He attended the Chiefs’ training camp but was unable to make the active roster due to a neck injury. As a result, he was released from the practice squad only a month into the season.


“I was struggling with trusting God because I couldn’t understand why He had opened the door for the NFL, and then it seemed like the door had shut,” said Gado of his release from the Chiefs.


The supportive Gado family watched and prayed from South Carolina. “When the going is good and when the going is bad, it’s a character molding experience,” said Jeremiah Gado. “I’m discovering more and more that we need to be serious with our prayers for him. We watched Sam respond by saying, ‘Lord, I don’t know what You’re doing, but You have my best interest, so I’m not going to follow my feelings but follow my faith in You.’”


Added Gado, “I prayed to God that if football was what He wanted, then He was going to have to make it happen.”


And sure enough, He did. On October 17, 2005, the Packers signed Gado to their practice squad. Due to injuries in the starting line-up, including nagging injuries to running backs Ahman Green and Najeh Davenport, Gado and a handful of others were promoted to the active roster.


Only two weeks after being signed, Gado made his NFL debut. During the game on October 30 against the Cincinnati Bengals Gado played but only carried the ball eight yards. But, one week later, Gado’s playing time increased significantly.


Against the defense of the eventual NFL champion Pittsburgh Steelers he carried the ball 26 times and scored his first NFL rushing touchdown. After the game, Gado reportedly thanked every one of his offensive linemen for helping him score.


“I know beyond a shadow of a doubt that it was God who brought me to the top,” said Gado. “He gave me the ability to do well at Green Bay. And even in times that have not been so great, He’s been there just as much.”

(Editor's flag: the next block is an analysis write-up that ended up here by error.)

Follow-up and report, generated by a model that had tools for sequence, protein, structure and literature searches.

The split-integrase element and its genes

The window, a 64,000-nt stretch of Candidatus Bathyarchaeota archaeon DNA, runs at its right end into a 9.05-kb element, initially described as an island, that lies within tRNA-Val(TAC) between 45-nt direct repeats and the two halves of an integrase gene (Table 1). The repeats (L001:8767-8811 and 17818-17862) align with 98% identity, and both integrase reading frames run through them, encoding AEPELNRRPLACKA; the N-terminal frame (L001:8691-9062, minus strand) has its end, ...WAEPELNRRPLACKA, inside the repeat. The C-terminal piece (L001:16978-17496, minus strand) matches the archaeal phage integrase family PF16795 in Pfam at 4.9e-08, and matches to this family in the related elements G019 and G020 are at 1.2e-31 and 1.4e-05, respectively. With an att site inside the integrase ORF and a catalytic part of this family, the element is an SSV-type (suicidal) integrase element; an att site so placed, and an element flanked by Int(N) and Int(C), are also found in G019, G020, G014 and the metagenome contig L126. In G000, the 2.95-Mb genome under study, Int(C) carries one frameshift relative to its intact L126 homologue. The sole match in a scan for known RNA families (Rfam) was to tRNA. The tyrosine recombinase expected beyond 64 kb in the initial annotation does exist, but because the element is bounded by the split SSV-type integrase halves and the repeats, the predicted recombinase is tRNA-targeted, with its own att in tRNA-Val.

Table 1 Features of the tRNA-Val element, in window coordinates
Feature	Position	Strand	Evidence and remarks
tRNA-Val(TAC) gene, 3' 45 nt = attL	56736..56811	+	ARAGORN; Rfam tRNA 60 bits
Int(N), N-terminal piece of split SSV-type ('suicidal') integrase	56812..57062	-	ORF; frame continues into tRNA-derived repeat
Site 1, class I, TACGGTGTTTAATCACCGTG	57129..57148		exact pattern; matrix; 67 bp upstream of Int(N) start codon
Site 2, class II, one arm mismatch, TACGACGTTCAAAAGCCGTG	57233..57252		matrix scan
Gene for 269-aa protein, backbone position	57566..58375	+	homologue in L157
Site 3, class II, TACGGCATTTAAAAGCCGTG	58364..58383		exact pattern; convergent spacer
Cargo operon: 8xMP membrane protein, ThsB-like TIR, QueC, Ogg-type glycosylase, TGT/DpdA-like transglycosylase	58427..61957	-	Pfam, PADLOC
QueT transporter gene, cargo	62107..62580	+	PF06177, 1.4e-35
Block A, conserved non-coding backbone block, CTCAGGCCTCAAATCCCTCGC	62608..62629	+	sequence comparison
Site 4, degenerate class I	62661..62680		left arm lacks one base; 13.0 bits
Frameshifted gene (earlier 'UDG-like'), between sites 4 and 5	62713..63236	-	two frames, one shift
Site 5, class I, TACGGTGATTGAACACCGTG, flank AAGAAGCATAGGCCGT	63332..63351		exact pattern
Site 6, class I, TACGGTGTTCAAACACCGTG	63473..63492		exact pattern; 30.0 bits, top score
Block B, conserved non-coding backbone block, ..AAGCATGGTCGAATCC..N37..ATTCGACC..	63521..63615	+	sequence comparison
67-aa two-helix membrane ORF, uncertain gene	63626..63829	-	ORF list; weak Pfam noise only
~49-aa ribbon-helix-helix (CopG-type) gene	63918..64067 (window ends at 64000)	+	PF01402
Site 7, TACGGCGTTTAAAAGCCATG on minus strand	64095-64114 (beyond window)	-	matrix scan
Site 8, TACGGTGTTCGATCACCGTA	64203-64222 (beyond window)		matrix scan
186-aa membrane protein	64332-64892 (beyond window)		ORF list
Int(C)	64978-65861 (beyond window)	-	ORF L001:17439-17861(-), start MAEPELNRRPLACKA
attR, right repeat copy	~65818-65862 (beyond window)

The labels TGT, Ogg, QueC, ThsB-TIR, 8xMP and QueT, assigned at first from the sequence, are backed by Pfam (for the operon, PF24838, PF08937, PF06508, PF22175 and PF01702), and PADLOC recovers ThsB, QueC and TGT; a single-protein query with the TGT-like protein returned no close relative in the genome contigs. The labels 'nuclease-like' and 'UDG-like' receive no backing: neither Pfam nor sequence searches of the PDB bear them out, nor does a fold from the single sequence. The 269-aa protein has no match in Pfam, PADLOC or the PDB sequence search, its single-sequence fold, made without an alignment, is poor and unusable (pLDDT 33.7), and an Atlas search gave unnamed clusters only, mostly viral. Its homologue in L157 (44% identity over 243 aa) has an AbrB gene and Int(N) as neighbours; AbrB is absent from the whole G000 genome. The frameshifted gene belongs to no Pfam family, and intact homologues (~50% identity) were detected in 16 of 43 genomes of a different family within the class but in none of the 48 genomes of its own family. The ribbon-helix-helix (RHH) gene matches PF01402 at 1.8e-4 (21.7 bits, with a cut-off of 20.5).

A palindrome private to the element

When Samkon Gado decided to work at Bellin Health Hospital in Green Bay (Wis.) it was no publicity stunt. He tried to maintain a low profile, not telling anyone who he was; but he eventually lost his cover when a patient in a drug-induced stupor told his wife that the man in scrubs played football. When asked if it was true, Gado confessed.


“Once one person knew, it spread like wildfire,” said Gado. “There wasn’t too much anonymity at that point; but I expected it.”


In a small city like Green Bay, good news travels fast. But Gado was willing to take his chances. “I just genuinely wanted the experience, so I figured the best thing to do was start getting used to it.”


Samkon Gado (second from back row left) and his family

Gado’s 2005 season ended on December 19 with a sprained MCL, which he suffered in a game against the Baltimore Ravens. The injury landed him on the injured reserve list. Still, at the end of the season he had accumulated 143 carries, 582 rushing yards, six rushing touchdowns, 10 receptions, 77 receiving yards and one receiving touchdown.

His six rushing touchdowns tied Offensive Rookie of the Year Carnell “Cadillac” Williams for the NFL lead among rookies and was the first Packers’ rookie in 25 years to score as many as seven overall touchdowns.


In 2006, Gado was traded to the Texans after the first week of the regular season. While his location may look different now, his goals have remained the same. And as the season comes to an end, Gado hopes to volunteer at hospitals once again and continue preparing for the day that God assigns him to the front lines of medicine.

“I genuinely want the experience. I see myself
doing [medicine] much longer than I see myself playing football.”


In the meantime, Gado has found a way to pay for med-school. “God has really put me in a position to start preparing for the mission field right now,” said Gado.* “I remember praying to the Lord that He would send me somewhere where it was very difficult to live, and the people I was around were not familiar with the gospel. I had no idea that the Lord was going to send me into the NFL.”


But according to Gado, the NFL fits those criteria perfectly.  


*U.S. Department of Labor
** as told to World Radio

*For more stories about faith and sport, visit, the official magazine of the Fellowship of Christian Athletes.